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For the first time, a study has proven that exercise is comparable to other modalities of treatment of migraine. This is especially important for those patients who do not seem to benefit from medications or want to avoid them because of the side effects.
Ask any patient of migraine, the type of pain he has to endure during an episode, and you’ll understand that he can go to any length to prevent it. Unfortunately, treatment choices available for migraine are few and far between. Until now, topiramate has been the most successful medication available to treat migraine. However, it comes with its own set of side effects, the most common of which are tingling numbness, depression, lethargy, constipation and dizziness. But since, there are not many other options available, most of the patients of migraine grudgingly bear with these side effects. Now, for the first time, a study has proven that exercise is comparable to other modalities of treatment of migraine.

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The study, which has been published in the September issue of the journal “Cephalgia”, has concluded that aerobic exercise can be an option for the prophylactic treatment of migraine. This is especially important for those patients who do not seem to benefit from medications or want to avoid them because of the associated side effects. As it is, patients suffering from migraine have been found to be less active physically compared to other people. Following a regular schedule of exercising by these patients would not only protect them from episodes of migraine, but would also go a long way in improving their physical fitness.


Exercise is not only Free of the Deleterious Effects of Medicines but also Provides the Additional Benefit of Increased Oxygen Uptake


The present study was led by Dr. Emma Varkey from the Institute of Neuroscience and Physiology, University of Gothenburg. She, along with her colleagues, selected 91 women between the ages of 18 and 65 years, from a single migraine clinic in Sweden. All these women had been diagnosed with migraine by a neurologist and suffered from two to eight episodes of headache per month. The participants were randomly divided into three groups and were assigned one of the three regimens for migraine treatment, namely, aerobic exercise, relaxation therapy, or standard treatment with topiramate. All the three regimens were followed for three months, before analysis of the results.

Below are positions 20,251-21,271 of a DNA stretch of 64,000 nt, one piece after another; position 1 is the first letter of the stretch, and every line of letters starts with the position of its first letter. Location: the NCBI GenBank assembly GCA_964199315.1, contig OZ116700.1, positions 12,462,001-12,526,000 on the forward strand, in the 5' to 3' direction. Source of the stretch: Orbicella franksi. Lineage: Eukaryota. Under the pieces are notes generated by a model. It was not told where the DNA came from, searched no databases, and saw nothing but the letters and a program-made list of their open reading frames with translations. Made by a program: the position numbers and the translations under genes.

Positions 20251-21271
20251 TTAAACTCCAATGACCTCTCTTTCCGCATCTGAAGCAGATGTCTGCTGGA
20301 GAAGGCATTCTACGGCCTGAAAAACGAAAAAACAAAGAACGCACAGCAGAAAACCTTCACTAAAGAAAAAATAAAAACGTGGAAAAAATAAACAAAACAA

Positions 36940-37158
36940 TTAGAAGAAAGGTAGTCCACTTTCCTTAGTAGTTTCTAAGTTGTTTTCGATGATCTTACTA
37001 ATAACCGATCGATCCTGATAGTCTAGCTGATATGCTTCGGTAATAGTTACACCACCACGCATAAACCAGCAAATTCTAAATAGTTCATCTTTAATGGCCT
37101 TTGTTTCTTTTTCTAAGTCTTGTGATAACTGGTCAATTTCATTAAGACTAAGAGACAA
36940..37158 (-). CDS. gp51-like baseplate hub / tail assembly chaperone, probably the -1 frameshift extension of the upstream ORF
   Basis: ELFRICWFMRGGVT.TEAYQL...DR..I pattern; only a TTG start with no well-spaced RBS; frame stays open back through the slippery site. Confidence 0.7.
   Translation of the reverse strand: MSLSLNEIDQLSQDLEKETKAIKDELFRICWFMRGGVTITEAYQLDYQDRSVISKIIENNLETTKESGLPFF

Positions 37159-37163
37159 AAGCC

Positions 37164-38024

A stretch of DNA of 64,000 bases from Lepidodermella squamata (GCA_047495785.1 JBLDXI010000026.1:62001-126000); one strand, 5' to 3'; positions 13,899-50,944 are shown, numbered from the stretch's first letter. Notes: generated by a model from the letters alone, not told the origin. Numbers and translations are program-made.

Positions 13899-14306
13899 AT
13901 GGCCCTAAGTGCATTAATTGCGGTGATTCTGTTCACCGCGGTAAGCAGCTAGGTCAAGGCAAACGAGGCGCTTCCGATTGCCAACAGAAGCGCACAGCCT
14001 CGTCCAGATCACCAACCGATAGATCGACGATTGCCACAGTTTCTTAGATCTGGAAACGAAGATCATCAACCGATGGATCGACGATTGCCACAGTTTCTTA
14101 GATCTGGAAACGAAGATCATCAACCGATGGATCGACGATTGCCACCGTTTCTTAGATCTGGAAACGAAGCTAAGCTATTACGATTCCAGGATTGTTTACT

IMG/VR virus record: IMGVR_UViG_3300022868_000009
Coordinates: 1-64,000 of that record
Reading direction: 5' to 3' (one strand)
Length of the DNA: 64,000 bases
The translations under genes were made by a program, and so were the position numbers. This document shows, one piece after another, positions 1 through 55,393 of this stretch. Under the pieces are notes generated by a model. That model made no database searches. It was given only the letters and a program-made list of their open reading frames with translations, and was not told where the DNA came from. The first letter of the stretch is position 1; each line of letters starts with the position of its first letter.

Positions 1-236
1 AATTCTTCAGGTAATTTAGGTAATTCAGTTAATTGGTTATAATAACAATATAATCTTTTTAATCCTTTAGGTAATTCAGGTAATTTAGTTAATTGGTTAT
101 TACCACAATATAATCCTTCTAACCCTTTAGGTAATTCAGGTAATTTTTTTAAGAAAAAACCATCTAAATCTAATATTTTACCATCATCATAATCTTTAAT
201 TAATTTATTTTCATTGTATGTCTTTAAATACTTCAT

The women who were assigned aerobic exercise were supposed to exercise for 40 minutes on a stationary bike, three times per week. The dose of topiramate was gradually increased to a maximum of 200 mg/day in women who were assigned medicines for migraine. After the end of three months, the frequency of migraine, quality of life, the amount of physical activity and the oxygen uptake of each patient was evaluated. The most important component of the results was the mean reduction in the frequency of migraine attacks.

The researchers found that there was a mean reduction of 0.93 in the frequency of migraine attacks in the exercise group. It was 0.83 in the relaxation group while it was 0.97 in the topiramate group. Therefore, they drew the conclusion that exercise is almost at par with topiramate in reducing the frequency of migraine attacks.

Though the reduction in pain intensity was better with topiramate, yet exercise has its own benefits. It is not only free of the deleterious effects of medicines but also provides the additional benefit of increased oxygen uptake. Therefore, it is a great option for those patients who want to go for a non pharmacological option for preventing migraine.

  • “Exercise as migraine prophylaxis: A randomized study using relaxation and topiramate as controls”, Emma Varkey et al, Cephalgia, published on September 2, 2011, accessed on October 13, 2011
  • “Exercise may offer drug-free migraine prevention”, by Megan Brooks, Reuters, published on October 7, 2011, accessed on October 13, 2011
  • Photo courtesy of julishannon on Flickr: www.flickr.com/photos/julishannon/2809327530/